Troubador Sounding the Century: Bill Leader & Co

Released: 28/11/2020

ISBN: 9781800460768

Format: Paperback

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Sounding the Century: Bill Leader & Co

1 – Glimpses of Far Off Things: 1855-1956

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This series of books comprises a major social and cultural history of Britain, reflected through the prism of music — mostly folk music. It amounts to a hidden history of both Britain and music, and is part oral history and part incisive criticism, with a fair amount of humour thrown in.  


The ten part series is based on the life of 90-year-old Bill Leader, the prolific sound engineer and producer, who was the first to record Bert Jansch, the Watersons, Anne Briggs, Nic Jones and Connollys Billy and Riognach, and among the last to record Jeannie Robertson, Fred Jordan and Walter Pardon. Bill straddled the golden age of traditional singing and the folk revival. He agreed to the biographical treatment if due prominence be given to colleagues who may have since slipped from the world’s eyes.  

Through the series, a parade of the great and good come and go. These include Paul Simon, Brendan Behan, Pink Floyd and Christy Moore, all recorded by Bill at one time or another. Secrets, surprises and heresies are rife and something jaw dropping happens at least every four pages.

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Mike Butler

Mike Butler was born in late 1958. The date is significant. His musical consciousness was formed in the early seventies, when rock was an arcane and subversive pursuit. His own taste ran to the progressive variety. He was a callow 13-year-old, he will admit, but when can you be callow if not when you're 13? Prog rock led to jazz in three easy steps

Genesis, Mahavishnu Orchestra, Miles Davis and the conversion was complete when Mike joined the record library at Middlesbrough's Central Library as a self-reward for passing 6 O levels (St Mary's College, 1975), and borrowed Tijuana Moods by Charles Mingus on his first visit. It was around the same time he switched his musical allegiance from Pink Floyd to Bobby Womack. A passion for deep soul and USA roots music almost ruined him for punk, until Poly's Records. He was to redeem himself academically with a first class BA hons in Fine Art at Manchester Polytechnic, 1986, which lay behind the relocation to Manchester. Subsequently he joined the artist-run Castlefield Gallery, 1986-1992, and entered journalism as editor of Granby Row Review, the gallery's house magazine (1987-1991), and as jazz editor of City Life, the Manchester what's-on magazine, 1989-2009. This is how he came to interview Nina Simone twice. He continued compiling listings, previewing gigs and interviewing musicians for Metro, 1999-2009. The discovery of the missing verse of 'A Whiter Shade of Pale' in 1994 (for Independent on Sunday) probably represents the pinnacle of his career in music journalism, and Sun Ra imparted the secrets of the universe during an encounter in Liverpool in 1990. Mike promoted UK tours by the visionary songwriter and Texas lawyer Abner Burnett, 1998 and 2001, the latter tour with Irish musician Johnny Moynihan, and co-promoted a joint UK tour by John Fahey and Abner Burnett, 1999 a rock & roll disaster story of such magnitude that it rated a feature in Mojo. Since 2009 he has been writing a major social and cultural history of Britain, as refracted through the long life and work of veteran engineer/producer Bill Leader. Mike Butler is on the steering committee of Manchester Jazz Society and is married to scientist and educator Eva Mar'Navarro L'pez.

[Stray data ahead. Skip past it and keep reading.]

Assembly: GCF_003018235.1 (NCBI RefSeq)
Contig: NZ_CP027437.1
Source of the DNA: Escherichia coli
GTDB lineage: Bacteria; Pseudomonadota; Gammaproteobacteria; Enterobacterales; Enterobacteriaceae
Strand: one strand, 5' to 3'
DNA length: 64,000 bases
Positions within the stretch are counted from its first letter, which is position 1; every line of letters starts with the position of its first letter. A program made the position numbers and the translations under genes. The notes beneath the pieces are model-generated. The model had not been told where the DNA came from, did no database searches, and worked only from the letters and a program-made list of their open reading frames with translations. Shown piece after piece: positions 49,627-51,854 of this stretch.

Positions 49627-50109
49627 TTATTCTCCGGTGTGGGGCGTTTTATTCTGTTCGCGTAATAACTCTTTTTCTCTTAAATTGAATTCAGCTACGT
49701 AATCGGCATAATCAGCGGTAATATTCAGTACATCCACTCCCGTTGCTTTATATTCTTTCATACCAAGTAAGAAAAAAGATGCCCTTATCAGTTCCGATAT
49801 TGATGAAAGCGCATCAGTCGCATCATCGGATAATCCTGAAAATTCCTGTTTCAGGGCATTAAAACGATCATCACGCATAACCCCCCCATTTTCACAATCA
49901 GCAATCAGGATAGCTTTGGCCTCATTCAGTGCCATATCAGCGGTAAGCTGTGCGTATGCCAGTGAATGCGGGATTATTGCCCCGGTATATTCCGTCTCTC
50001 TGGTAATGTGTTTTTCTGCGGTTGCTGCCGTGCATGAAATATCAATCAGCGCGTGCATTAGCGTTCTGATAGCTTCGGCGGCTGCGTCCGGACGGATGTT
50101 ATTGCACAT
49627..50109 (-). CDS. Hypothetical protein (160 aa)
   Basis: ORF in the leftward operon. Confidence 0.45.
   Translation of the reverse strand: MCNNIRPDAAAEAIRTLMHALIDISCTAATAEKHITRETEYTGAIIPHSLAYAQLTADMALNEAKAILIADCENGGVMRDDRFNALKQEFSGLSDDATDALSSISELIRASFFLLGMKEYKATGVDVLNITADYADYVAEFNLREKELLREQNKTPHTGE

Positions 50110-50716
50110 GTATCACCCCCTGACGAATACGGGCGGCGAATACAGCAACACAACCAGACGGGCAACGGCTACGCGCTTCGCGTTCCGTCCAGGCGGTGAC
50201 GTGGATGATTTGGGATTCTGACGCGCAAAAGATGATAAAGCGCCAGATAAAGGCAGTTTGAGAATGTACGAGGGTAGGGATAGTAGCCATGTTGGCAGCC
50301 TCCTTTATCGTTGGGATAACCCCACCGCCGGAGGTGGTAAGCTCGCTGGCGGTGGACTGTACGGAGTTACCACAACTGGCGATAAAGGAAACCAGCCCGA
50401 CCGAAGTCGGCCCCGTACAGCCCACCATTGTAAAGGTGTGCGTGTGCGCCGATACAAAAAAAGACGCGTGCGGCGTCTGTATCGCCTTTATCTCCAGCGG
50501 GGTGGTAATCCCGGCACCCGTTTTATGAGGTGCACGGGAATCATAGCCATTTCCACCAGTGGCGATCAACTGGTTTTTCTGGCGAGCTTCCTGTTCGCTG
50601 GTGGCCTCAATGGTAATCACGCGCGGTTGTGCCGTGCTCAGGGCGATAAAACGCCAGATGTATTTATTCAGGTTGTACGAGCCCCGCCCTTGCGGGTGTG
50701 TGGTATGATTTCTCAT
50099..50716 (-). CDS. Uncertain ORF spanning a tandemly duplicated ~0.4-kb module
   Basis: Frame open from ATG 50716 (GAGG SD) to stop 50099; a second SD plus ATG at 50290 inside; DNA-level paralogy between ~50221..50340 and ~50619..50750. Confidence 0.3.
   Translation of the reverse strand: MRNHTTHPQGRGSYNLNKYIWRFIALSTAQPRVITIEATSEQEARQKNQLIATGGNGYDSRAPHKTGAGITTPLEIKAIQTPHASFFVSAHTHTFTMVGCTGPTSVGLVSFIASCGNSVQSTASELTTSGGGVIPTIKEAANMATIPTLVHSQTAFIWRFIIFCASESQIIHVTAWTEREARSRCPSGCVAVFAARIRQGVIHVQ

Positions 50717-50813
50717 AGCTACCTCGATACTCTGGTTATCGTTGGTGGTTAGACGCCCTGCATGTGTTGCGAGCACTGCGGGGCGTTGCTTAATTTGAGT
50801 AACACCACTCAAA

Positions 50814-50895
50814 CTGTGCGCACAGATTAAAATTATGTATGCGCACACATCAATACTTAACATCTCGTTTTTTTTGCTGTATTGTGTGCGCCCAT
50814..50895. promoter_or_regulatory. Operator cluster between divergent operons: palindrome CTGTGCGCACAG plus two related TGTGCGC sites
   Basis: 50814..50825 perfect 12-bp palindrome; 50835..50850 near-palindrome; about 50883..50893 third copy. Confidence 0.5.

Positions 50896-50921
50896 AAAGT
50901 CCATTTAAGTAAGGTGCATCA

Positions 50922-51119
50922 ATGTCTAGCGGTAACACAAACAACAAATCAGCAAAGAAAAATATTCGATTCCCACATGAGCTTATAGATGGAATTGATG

Mike Butler at La Fugitiva bookshop, Madrid, 2017

Mike Butler and Bill Leader at the Irish World Heritage Centre, Manchester, 2012
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